These soccer drills for ages 10-12 can also be used for kids younger and older, but this is a safe place to assess yourself. One of the most important things to remember even for ages 16+ is that “basic fundamentals” doesn’t mean for younger. Even the pros work on fundamentals. Meaning 1 touch passing as well as first touch drills on the ground and in the air.
One touch short passing with a partner
With this get 5 yards apart and start passing the ball only using 1 touch – unless you have to trap it. Sometimes the ball will come at you too fast or out wide and you’ll need to take 2-3 touches.
Most of your passes need to be with the inside of the feet – toes pointed up.
Each player has to recognize which passes are great, good, average or poor.
Short passing against a wall or rebounder
By far one of the best things a soccer player can do is find a wall and work on passing.
You can get 3 yards, 5 yards, 10 yards and more to work on different distances. The good thing about 3 yards away is you get lots of passes.
It’s good to mix up the distances because in a game you’ll find yourself having to make 7 – 15 yard passes often.
Work on both 1 touch and 2-3 touch… If you want some good ideas check out this post on wall passing drills.
Long passing and shooting using the laces
At this age, most players haven’t yet become consistent at long balls, but it’s important to practice.
Some players really struggle to strike with laces, but learn how to bend right away.
Make sure you know the different ways to kick a ball because most player are more natural at one or the other.
Aerial soccer drills for ages 10-12
Five things to practice:
- Volleys with inside of foot
- Volleys using laces
- Chest trap and running through the ball
- Trapping the ball different ways
- Kick against a wall or rebounder in the air so that it comes bouncing back to you different ways
Dribbling with different parts of the feet
There’s dribbling the way that’s natural for you and there’s learning how to control the ball ways that you’d never do, unless taught.
Using the inside is what most players are better at. The outside and sole are must know ways to stop, go and turn.
Watch video of me showing 2 college players some methods to improve skill, coordination and love for the ball.
One way to become better than most is by learning to roll the ball correctly…
Example: Rolling the ball in is better because you can do this in a stationary or moving situation in a game or scrimmage.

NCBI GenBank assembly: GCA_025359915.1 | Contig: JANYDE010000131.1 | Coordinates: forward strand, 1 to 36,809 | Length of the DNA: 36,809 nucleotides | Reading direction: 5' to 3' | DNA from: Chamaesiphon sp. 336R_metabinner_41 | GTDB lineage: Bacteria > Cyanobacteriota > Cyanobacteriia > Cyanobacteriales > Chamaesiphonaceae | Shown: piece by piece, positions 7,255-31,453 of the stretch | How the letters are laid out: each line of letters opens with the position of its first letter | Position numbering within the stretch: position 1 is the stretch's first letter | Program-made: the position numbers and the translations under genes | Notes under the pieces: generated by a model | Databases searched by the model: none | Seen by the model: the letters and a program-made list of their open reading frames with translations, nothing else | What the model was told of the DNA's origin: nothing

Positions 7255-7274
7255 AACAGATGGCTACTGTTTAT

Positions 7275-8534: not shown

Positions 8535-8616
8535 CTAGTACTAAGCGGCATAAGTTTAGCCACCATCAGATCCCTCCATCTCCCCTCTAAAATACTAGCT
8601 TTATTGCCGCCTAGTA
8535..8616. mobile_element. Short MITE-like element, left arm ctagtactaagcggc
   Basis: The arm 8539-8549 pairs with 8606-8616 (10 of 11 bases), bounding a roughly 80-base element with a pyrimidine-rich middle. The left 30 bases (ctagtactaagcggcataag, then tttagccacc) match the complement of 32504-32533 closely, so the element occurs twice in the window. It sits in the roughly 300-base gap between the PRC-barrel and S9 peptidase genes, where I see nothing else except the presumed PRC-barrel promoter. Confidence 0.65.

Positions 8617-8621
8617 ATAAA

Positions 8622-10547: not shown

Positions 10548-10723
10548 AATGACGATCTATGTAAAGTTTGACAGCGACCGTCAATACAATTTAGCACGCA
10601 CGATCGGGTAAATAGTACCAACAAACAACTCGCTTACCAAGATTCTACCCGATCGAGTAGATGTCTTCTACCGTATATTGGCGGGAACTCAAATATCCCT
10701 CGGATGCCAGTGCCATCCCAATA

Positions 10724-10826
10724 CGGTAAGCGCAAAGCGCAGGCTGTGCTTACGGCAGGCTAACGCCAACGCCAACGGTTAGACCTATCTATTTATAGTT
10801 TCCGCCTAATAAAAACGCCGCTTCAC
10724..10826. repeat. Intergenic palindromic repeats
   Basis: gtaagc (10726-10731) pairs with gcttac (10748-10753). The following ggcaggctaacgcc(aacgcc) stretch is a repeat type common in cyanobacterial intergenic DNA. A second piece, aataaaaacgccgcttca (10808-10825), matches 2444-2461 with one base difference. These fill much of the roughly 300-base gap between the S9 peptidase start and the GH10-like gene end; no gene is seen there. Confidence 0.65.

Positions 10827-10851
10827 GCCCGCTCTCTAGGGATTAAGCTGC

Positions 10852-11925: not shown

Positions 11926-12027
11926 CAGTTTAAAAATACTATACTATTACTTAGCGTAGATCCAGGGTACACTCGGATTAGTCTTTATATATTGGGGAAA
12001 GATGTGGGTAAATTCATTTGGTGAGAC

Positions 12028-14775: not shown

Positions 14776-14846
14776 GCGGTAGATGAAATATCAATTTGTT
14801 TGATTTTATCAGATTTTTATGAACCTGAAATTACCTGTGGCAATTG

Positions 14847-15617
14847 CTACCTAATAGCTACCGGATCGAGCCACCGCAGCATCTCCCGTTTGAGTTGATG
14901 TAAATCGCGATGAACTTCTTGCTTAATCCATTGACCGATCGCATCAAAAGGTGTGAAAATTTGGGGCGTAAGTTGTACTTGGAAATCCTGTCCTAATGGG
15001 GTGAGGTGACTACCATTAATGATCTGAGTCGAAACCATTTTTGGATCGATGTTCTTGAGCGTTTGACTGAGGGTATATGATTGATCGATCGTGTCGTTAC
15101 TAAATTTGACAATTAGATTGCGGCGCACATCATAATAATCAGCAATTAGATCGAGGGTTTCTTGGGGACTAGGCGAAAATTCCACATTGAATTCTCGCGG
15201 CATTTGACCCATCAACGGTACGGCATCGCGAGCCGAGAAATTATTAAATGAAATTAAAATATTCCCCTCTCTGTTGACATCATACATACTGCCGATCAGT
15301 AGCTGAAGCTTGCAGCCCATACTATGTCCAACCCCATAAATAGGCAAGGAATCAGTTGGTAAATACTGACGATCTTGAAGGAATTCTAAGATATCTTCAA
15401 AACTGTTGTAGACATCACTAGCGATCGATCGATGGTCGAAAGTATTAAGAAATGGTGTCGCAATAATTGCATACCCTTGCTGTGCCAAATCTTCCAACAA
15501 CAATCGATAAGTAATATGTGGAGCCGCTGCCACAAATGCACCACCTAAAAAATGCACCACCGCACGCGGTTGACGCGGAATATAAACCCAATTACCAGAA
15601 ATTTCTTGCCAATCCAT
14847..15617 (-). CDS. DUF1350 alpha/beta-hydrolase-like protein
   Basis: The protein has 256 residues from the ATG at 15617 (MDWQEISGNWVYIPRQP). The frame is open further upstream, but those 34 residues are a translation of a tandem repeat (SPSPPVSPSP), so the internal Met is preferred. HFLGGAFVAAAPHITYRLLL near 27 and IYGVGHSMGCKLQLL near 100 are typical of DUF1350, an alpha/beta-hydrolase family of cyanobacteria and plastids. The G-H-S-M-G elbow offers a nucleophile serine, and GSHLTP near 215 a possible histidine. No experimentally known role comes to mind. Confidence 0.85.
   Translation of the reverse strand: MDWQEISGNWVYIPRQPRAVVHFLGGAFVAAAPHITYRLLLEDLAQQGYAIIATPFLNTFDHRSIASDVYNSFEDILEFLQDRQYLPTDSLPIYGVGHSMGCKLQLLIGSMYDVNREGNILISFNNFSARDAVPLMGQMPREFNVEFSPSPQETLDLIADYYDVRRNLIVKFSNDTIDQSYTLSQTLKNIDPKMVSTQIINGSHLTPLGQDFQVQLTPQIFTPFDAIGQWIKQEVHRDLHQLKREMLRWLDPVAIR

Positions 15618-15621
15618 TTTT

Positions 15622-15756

Below is a pretty basic, yet good way to practice in a small space. You don’t need training sticks, you can use cones, shoes or nothing at all.
Using your sole [bottom of foot] allows you to move to the side and then forward to get around or away from a defender.
The outside of the laces is also great and not as natural as using the inside…
To be the best you can be it’s important to learn and use all the surfaces of both feet.
Inside, outside, laces and the sole of the feet are your 4 main options.
Learning discipline and the importance of it
a: control gained by enforcing obedience or order
b: orderly or prescribed conduct or pattern of behavior
c: training that corrects, molds, or perfects the mental faculties or moral character
Whether kids or adults, those who learn discipline are those who have become well trained.
No matter if you have the best job or hobby in the world, there are going to be days you don’t want to show up. It’s human nature.
If you can put in the work on the days you don’t want to you are going to be a 2 percenter, therefore passing up competition.
Improve your skills faster by spending small amounts of time on the ball through the week.
Some kids will spend 3 minutes in the morning messing with the ball, 3 minutes in the afternoon and 3 minutes in the evening.
Spending a little time every day will turn into 60+ minutes per week. That’s the same amount of time players do private lessons with me.
Defending soccer drills for ages 10-12
This age group needs to be taught both defending 1v1 and as a unit…
Kids need to be taught how to jockey/stand up the attacker and not dive in. This helps slow the dribbler, therefore allowing your teammates to cover or steal the ball.
- Learn how to improve your 1v1 defensive stance and positioning – post.
- Watch how to step and cover – short video
Another way to improve your defense is with ball control. Up your defensive game by doing my courses 10 mins per day!
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